Writers block

Yes. I think choosing the right place to write is a huge deal.

The environment in which we find ourselves affects the way we think. Just imagine how you feel and where your thoughts take you if you’re on a remote mountaintop or at a lonely seashore or in a creepy house or stuck in a traffic jam. You might feel awe-inspired or at peace or yearning for companionship or uneasy or angry, or any number of other feelings.

We acknowledge this even if we’re not consciously aware of it. We might refer to a restaurant as having a good atmosphere. It might be one that allows us to relax, or enjoy the company of friends, or provide an intimate and romantic setting, and so on.

Even colors affect our moods. Being in a room that’s painted with bright reds and yellows affects us in a different way than being a room painted aquamarine or dark blue.

In addition to our surroundings and the states-of-mind that they induce, keep in mind that dealing with distractions can be one of the most lethal blows to concentration and focused creative effort.

So, when you’re writing, you’ll want to find a place without distraction, one that provides a mood and environment that allows you to focus on your work. Depending on what you’re doing—brainstorming ideas, shaping the story, free writing, editing, proofreading—you might want to work in complete silence or with music in the background.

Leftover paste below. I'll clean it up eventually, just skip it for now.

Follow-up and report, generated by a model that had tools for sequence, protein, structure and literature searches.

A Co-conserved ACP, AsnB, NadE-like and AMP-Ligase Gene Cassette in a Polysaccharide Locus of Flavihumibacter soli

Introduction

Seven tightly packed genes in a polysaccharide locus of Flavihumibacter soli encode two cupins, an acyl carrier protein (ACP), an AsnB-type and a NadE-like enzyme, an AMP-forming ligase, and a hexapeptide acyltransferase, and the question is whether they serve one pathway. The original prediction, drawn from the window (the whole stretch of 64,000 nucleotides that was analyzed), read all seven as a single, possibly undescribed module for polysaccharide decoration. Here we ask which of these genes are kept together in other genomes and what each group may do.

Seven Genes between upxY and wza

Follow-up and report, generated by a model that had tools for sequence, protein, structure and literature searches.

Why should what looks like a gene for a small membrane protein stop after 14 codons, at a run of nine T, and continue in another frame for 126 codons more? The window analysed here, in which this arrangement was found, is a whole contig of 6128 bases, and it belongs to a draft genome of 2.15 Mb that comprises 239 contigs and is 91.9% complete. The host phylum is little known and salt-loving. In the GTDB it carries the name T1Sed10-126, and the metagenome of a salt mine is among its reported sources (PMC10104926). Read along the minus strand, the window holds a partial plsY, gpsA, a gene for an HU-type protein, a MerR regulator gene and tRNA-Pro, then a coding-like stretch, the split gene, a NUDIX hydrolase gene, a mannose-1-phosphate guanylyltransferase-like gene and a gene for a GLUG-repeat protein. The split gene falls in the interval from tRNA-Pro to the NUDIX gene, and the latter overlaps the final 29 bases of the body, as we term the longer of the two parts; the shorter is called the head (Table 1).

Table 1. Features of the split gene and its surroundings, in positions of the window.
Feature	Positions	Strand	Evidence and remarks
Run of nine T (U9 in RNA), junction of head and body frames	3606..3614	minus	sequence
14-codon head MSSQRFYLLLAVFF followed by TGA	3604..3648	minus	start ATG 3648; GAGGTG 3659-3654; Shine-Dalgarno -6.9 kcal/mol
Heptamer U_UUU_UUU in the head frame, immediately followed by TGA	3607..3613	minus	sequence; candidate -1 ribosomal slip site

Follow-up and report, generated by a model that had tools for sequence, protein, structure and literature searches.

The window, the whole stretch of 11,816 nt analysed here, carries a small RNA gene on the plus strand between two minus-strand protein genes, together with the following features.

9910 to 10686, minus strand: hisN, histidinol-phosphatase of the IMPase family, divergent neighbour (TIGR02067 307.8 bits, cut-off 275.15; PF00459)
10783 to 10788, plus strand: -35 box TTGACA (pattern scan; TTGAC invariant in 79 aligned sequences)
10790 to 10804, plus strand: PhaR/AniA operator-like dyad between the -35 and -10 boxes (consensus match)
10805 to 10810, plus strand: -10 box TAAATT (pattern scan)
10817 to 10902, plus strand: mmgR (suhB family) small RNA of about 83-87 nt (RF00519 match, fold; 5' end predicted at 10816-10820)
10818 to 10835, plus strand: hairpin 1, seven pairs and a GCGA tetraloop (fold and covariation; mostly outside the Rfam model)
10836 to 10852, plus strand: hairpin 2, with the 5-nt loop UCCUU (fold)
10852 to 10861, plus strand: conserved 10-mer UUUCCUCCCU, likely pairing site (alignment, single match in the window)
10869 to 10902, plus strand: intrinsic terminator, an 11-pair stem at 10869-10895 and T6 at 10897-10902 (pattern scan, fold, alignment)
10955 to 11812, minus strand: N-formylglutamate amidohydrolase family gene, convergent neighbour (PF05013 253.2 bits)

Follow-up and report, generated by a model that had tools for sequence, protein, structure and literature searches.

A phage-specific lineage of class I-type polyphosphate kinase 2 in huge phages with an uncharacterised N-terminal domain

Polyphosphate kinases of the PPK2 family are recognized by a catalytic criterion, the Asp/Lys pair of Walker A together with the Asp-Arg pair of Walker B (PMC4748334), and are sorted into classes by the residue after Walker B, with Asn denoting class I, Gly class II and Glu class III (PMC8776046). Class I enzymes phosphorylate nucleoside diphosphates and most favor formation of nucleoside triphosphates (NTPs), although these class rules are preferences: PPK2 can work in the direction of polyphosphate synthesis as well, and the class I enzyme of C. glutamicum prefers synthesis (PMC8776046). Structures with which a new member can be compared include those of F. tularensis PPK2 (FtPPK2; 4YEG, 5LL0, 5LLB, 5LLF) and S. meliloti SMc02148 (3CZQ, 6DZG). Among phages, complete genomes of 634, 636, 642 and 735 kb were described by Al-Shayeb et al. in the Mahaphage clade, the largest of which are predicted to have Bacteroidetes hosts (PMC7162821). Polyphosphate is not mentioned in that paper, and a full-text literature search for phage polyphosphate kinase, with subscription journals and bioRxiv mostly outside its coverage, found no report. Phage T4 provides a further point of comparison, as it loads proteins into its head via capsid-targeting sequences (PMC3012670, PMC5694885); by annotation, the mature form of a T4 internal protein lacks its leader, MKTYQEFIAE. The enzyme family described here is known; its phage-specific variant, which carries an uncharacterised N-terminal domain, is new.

Besides finding a place where I can work uninterrupted (my basement, an obscure coffee house, the library), I edit in silence (usually wearing noise-canceling headphones), but then type in my changes on my computer while listening to music—usually either electronica or trance music (since words distract me) or songs I’ve listened to so many times that I’m not tempted to focus on the words.

One more thing. Usually, when I’m trying to see my work in a new light, I will go to a totally different location, sometimes in another town, and reread what I’ve written. The unique setting helps me to be more objective when I read over my work. Try it. You might be surprised by how it really does give you fresh eyes to edit or proofread what you’re working on.

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